One of the words I avoid using is awesome, (because it’s used so frequently for many things that aren’t, in my opinion, all that awesome at all), but awesome is the word I use to describe Vocabulary.com. Perhaps I should use “totally cool” instead, because that’s more my style, but either one fits. Vocabulary.com has been, for me, an ELA teacher and lover of all things word related, the most fortuitous digital stumble-upon, and, over the past few years, I’ve recommended the site to countless students and colleagues. Besides what you’d expect to find on a traditional dictionary website—definitions, parts of speech, synonyms and antonyms—Vocabulary.com generously provides those elements and much more, giving and giving to its users in manifold ways. Take a look at some of its key features and see if Vocabulary.com might be the vocabulary website you’ve been searching for. (Click here for Freebie Vocabulary.com instructions that you can print and use today.)
5 Features That Set It Apart From The Rest
- Word Blurbs*
Far and away, my favorite feature is the “Word Blurb” section that accompanies every word. Positioned directly under the vocabulary word you’ve searched for, the blurb is what you and your students will encounter first—not the word’s definitions. Time and time again, I’ve seen my students move from confusion to understanding as they read the blurb about a word. The need for scrolling down to the actual standard definition frequently becomes unnecessary. The tremendous benefit to this layout is that the humorous, sometimes snarky, and always memorable word blurb engages even those who are loath to study word meanings. As we teachers promote understanding a word’s meaning from its surrounding context, the blurb provides a supplemental context—background, etymology, and scenarios—that bolster a students’ understanding of the word before resorting to the standard, not-nearly-as-interesting definition.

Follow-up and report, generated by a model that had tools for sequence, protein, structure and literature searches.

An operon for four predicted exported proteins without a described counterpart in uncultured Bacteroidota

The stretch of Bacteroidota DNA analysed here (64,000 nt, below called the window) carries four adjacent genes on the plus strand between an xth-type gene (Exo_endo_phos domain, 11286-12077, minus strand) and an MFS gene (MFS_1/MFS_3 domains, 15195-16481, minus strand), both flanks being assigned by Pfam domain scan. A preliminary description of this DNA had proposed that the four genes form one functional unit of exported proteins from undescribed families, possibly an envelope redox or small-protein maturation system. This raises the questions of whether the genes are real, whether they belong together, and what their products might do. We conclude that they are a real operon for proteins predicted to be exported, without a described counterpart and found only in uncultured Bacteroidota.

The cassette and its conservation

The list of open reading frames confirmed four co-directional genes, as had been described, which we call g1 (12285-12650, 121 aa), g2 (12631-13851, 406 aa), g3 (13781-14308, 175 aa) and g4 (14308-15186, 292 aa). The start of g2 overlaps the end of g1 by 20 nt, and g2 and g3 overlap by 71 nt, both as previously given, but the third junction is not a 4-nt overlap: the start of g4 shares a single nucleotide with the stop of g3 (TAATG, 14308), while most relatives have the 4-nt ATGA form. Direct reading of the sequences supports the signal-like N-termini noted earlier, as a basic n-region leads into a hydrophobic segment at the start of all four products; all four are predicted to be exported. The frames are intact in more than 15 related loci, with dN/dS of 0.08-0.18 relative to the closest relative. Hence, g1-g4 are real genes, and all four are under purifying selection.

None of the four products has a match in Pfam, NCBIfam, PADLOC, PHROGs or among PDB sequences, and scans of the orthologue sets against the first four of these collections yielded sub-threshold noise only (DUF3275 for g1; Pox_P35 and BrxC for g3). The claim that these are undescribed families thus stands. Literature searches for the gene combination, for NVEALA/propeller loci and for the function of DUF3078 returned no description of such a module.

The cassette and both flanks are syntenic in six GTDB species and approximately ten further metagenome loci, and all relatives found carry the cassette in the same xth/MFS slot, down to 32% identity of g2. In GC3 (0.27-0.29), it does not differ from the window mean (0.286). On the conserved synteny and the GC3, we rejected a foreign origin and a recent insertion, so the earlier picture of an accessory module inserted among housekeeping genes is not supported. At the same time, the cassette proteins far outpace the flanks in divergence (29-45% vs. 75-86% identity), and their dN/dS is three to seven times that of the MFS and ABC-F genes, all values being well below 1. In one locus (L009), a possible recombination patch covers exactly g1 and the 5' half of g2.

Try out this handful of words and literary terms. Some, you’ll see, rely on etymology as part of the word blurb, and almost all include at least a bit of humor.
- Imply–and its counterpart–Infer
- metaphor and simile
*I have always referred to the Word Blurbs as anecdotes, but when reading a Vocabulary.com blog post on National Dictionary Day, I noticed their use of “Word Blurbs” and, after looking up anecdote on Vocabulary.com, I decided to make the switch to Word Blurb, despite the fact it makes me giggle. Word Blurb is, however, an excellent example of assonance!)
- Current Word Usage
Reading a blurb about a word and reading its definitions do a lot for learning a word, but nothing helps students see how a word truly functions in the real world like seeing the word in context. The “Usage Examples” section is ideal for this as it pulls examples from recently published texts (or not so recent ones if more current ones are not available.) Each usage example is one sentence in length, which may or may not be enough context for complete understanding. (See the “Move quickly, Kansas….” example in the screen shot above.) If more text is desired, all you have to do is click on the source name below the sentence, and you will be taken to the full article from which the sentence was pulled. Finding the word in the body of the article is easy if you click Command F, and enter the word in the search box that appears on the upper right of your computer screen. (If you haven’t used command F before, you are going to LOVE it! Command F works on nearly every type of webpage, Google Doc, blog post, Word document, and—with inconsistent results—PDF’s.)
- Definitions With Linked Synonyms
Accompanying the definition for each word are linked synonyms and antonyms, which makes finding a collection of words on the same topic easy.